From conducting classes at home to going door-to-door to help with lessons, each of these teachers went out of their way to ensure none of their students missed out on an education.
This article has been published in partnership with Nokia.
For 7-year-old Siddharth Subba, “school is where home is”. It is a place where he indulgently dreams, plays football, learns poems, eats his meals and feels safe and belonged.
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After being orphaned at a young age, it is the school and its regular routine that provided him with the much-needed stability. He is one of the many who are sheltered in a rural government school in a small village called Numla, Tawang, Arunachal Pradesh.
But last year, during the lockdown after the shutdown of all schools across India, their home began to feel empty. The routine was fractured as no classes were being held. But beyond missing over a year of education, they stood to lose — the company and connection to the only family they knew, their teachers.
Unlike few other students in the village, Siddharth or his fellow classmates living in this school did not have access to any technology to bridge that gap. With no laptops or smartphones at their disposal, they couldn’t attend online classes or video call their teachers to clear doubts.
But they were not alone. Another government school in Igatpuri, Maharashtra, was facing a similar situation. “The last couple of years have been extremely difficult not just for teachers but also the students. More than missing lessons, we were worried about drop-outs. With the schools closed, many parents who were barely able to make ends meet, began considering removing their kids from school. It took me years of work to convince the people about the importance of education and school and then all of it was on the verge of collapsing,” shares Nanda, who has been teaching and handling all the administrative work at the school since 2018.
“Giving up was never an answer for teachers,” reminds Vinod, another Zilla Parishad school teacher based out of Gujarat. He is the sole teacher in a government school located in an island village called Aliabet, Bharuch district, since 2005, and has been taking leaps and bounds to educate his students.
No stranger to challenges, he travelled more than 30 km and crossed a river, daily, to reach the remote island school. In a community that was completely cut-off from the outside world and one that only spoke a language called ‘Kutchi Boli’, he managed to communicate the importance of education and helped his students learn different languages like English, Hindi and Gujarati.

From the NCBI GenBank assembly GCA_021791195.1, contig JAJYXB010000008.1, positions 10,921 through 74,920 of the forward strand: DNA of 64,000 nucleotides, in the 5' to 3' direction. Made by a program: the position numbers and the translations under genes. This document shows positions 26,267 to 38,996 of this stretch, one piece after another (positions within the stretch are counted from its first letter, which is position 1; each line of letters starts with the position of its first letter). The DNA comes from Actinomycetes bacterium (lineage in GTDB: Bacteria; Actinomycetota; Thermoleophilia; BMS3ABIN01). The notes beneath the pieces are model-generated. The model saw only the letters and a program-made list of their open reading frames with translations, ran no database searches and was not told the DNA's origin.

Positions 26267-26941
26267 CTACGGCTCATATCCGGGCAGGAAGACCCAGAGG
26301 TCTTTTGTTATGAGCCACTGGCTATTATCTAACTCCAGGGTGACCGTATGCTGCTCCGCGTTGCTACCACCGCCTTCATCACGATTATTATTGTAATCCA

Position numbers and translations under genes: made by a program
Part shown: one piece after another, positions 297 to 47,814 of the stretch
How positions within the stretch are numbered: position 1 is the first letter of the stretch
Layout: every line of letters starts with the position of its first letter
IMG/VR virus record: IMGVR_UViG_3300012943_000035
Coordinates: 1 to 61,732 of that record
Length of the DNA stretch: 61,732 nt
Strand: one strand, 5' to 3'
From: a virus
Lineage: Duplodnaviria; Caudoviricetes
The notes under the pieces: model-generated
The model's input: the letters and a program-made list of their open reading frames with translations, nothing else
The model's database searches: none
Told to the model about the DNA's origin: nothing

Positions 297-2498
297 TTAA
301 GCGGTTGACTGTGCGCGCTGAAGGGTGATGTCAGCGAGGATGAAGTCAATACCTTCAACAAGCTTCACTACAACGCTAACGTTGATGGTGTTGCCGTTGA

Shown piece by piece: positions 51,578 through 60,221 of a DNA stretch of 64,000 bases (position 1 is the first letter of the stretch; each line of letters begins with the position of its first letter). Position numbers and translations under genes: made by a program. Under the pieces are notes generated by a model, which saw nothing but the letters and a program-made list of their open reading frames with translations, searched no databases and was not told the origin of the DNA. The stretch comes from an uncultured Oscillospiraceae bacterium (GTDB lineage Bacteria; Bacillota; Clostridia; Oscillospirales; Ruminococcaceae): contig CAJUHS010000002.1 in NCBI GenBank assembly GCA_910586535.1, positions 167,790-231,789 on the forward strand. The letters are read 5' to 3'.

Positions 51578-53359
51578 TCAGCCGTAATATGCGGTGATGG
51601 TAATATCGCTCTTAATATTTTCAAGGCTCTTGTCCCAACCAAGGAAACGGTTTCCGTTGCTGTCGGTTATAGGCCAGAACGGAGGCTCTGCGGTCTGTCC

However, the sudden lockdown threatened to dismantle all their efforts. “These were young minds brimming with imagination but their wings were clipped and the window to the outside world bolted shut during the lockdown,” he says.
And it would have stayed that way for longer, if not for a social impact initiative that empowered these teachers with a solution.
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Organised by @NokiamobileIN and The Better India, under the social impact campaign several teachers, including Vinod and Nanda, were selected from across the country. As agents of transformation they were entrusted to bridge the digital divide plaguing rural India, especially in the education sector. For this, each of these teachers were equipped with a number of Nokia smartphones that were to be used to aid online learning both remotely and in the classrooms once schools reopened.
This initiative opened up a new world for these kids and helped them not only cope with the missed lessons but also learn new skills and overcome their inhibitions. Talking about his learning experience through the smartphone, a Class 5 student, Yakeen Bin Yaseen says, “I was always very shy and nervous about speaking up in front of the entire class. But then our teacher encouraged us to explore new ways of learning. I would go around the house and click photographs of the things I saw and make a story presentation through a mobile application called Kinemaster. Then during the online classes, through video conferencing and screen sharing, I would confidently present my work. It is a lot of fun and doesn’t feel boring or scary at all.”
With access to smartphones, students like Yakeen and Siddharth are discovering new ways of connecting with the world around them and learning on the go. Their story and that of the hundreds of students impacted by this initiative is a reflection of the positive change technology can bring about. And this Children’s Day, we are sharing these stories of transformation to celebrate the beautiful bond between teachers and students that blazed through the tough times and overcame all odds.
With #LikeTeacherLikeStudent, The Better India is joining hands with Nokia Mobile to bring forth incredible stories of such teachers. To honour their passion for the profession, we will be donating Nokia smartphones to teachers to support them in creating an even greater impact with technology. Stay tuned to find out how these amazing teachers will use the devices to increase the impact they are already creating.
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